Tackling initials can be difficult. I cut my genealogical teeth on that hopeless task years ago, when I opened my grandmother’s “little black book” and tried to glean more family facts on her married female relatives. That southern lady was quite taken with the de rigueur format of addressing a woman by the initials of her husband’s given names in combination with the anonymous “Mrs.” One day, I attempted to figure out what was meant by the address book entry for my mother’s cousin: “Mrs. C. J. McKinnon.” What did “C. J.” stand for? It took ages to unearth the possibility: Cyril John. Who would have guessed?!
So now, I’m faced, in this current photography project, with deciphering the names of two fellow companions of my father-in-law, Frank Stevens, during his training at the Great Lakes Naval Training Station in 1942. I can only begin to guess. And I have no way to know if my assumptions will be correct.
On the other hand, if I don’t take a stab at guessing—and, more importantly, document my dead-end trails as I guess my way through this maze—I’ll end up repeating the same circles of endless internet searches.
With that said, I’m taking notes on my progress as I try to figure out who the rest of these Naval trainees are.
Today, we continue to tackle the two men who signed, giving only their surnames plus initials. I’m looking for more information on C. F. Soucy of Des Moines, Iowa, and D. R. Rickard from Rockford, Illinois. With Iggy’s help, and thanks to websites like Ancestry.com and FamilySearch.org, here’s what we’ve found so far.
“C. F.” may possibly stand for Carl Frederick Soucy, found in the Ancestry.com military records, as I’ve mentioned in a previous post. The fact that I couldn’t find any further information on him disturbed me. I turned to fellow volunteers at the two genealogy forums and received a note with an abbreviated obituary attached. Published in the Des Moines Register, it read, basically,
“Fred, 79, died March 11, 2003, at Veterans Medical Center in Knoxville. He had been a deputy bailiff at the Polk County courthouse and is survived by nieces, nephews, and cousins. He was preceded in death by a sister, Audrey Bento. No services are planned.”
A small picture was attached to the obituary. No mention of service in World War II, other than the assumed connection via services provided at the Veterans facility. If I hadn’t already found his Social Security Death Index record linking that date of death with the right date of birth, I’d have no clue that this obituary had anything to do with the man I’m seeking.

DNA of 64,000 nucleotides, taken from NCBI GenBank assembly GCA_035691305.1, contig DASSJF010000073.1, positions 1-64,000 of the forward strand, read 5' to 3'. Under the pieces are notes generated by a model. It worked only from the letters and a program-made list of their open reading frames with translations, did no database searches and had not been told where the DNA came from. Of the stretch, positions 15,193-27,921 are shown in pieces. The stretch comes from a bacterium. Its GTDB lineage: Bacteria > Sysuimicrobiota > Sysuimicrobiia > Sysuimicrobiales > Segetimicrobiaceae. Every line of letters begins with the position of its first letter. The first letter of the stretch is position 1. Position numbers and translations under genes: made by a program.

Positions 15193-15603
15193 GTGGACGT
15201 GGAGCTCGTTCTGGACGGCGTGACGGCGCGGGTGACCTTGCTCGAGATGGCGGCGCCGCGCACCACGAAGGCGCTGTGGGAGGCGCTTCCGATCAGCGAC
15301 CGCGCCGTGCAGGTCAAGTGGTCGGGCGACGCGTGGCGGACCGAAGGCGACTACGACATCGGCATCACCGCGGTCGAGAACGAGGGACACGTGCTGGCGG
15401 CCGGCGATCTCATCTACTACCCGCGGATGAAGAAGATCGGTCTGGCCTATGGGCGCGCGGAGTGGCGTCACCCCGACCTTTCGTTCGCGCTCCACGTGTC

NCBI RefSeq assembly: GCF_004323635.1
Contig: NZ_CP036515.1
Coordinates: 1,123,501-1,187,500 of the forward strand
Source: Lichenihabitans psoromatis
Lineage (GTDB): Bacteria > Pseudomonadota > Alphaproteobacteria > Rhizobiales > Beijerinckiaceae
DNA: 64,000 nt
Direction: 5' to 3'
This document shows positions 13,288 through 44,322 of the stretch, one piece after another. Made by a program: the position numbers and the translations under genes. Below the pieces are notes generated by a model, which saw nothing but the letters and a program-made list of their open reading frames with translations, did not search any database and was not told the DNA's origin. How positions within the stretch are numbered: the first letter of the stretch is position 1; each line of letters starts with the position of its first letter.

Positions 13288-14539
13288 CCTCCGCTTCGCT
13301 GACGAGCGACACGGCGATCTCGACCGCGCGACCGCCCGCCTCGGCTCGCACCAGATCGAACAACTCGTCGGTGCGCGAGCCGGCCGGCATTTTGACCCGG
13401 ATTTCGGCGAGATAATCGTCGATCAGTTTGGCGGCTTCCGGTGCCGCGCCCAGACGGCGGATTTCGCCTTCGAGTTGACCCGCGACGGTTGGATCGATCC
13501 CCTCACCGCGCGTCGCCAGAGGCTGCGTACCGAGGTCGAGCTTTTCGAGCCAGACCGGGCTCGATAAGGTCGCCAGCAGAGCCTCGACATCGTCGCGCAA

The genealogy forum volunteer offered to send me his parents’ obituaries, also. So I now have the rudimentary tendrils of a family tree with the July 25, 1982, obituary for Carl’s father, Fredrick, and the December 28, 1997, article for Carl’s mother, Isabelle. That allowed me, by reason of his parents' and sister's names, to locate his family in a 1925 Iowa State census, just after he was born. The fact that the surname was handwritten so that it looked more like "Saucy" than "Soucy" may be part of the problem in my attempts to locate further information.
The obituaries led me to the Glendale Cemetery in Des Moines for the parents, although I have yet to find any burial information for Carl, himself. Unfortunately, Find-A-Grave does not include any listings for this Soucy family—suggesting an additional task for me in helping others remember this (possible) World War II Navy family.
My other excursion into initial possibilities is the hunt for “D. R. Rickard.” He signed as one of Frank’s friends, claiming to be from Rockford, Illinois. Iggy found a 1930 census mention for a Rockford Rickard family including a son named Donald. And yes, the middle initial is just right.
Could it be that our D. R. Rickard was the son of Ray and Bessie Crill Rickard? An online transcription of Winnebago County birth records shows Donald Ray’s arrival on November 17, 1924. A Social Security Death Index report agrees with that date, and reveals that his passing was on Christmas Day of 1991. I’m now awaiting a response from Some Kind Soul on one of my favorite genealogy forums to send me the wording of his obituary, published, according to a handy little search engine, two days later in the Phoenix Gazette. I am hoping that the wording of his printed memorial will contain detail sufficient to recognize him for his duty to his country. In the case of this man, though, chances that he will be remembered through the venue of a complete newspaper obituary are increased by the fact that he evidently has a now-adult child seeking information on his father’s military service, as I found on a post in a Navy-related online forum.
There is one problem with this last lead, though. The ship mentioned in that forum entry is the USS Ault.
The military records I found at Ancestry.com for Donald Ray Rickard show him serving on the USS Mayrant, having enlisted in Chicago, Illinois, not far from Rockford. If he was indeed the D. K. Rickard I’m seeking, it looks like duty in the Navy took him to points across the Atlantic, for one muster roll shows him sailing from Casablanca in “French Morocco.”
But if this online post by the relative of Donald Rickard of the USS Ault represents the Donald Ray Rickard of my father-in-law’s acquaintance, then either there are more military records to be found via Ancestry.com, or I’ve got to choose between two men with the same name.
Or maybe “D. R.” stands for something entirely different, and the search will have to start all over again.
That’s the trouble with guessing about initials.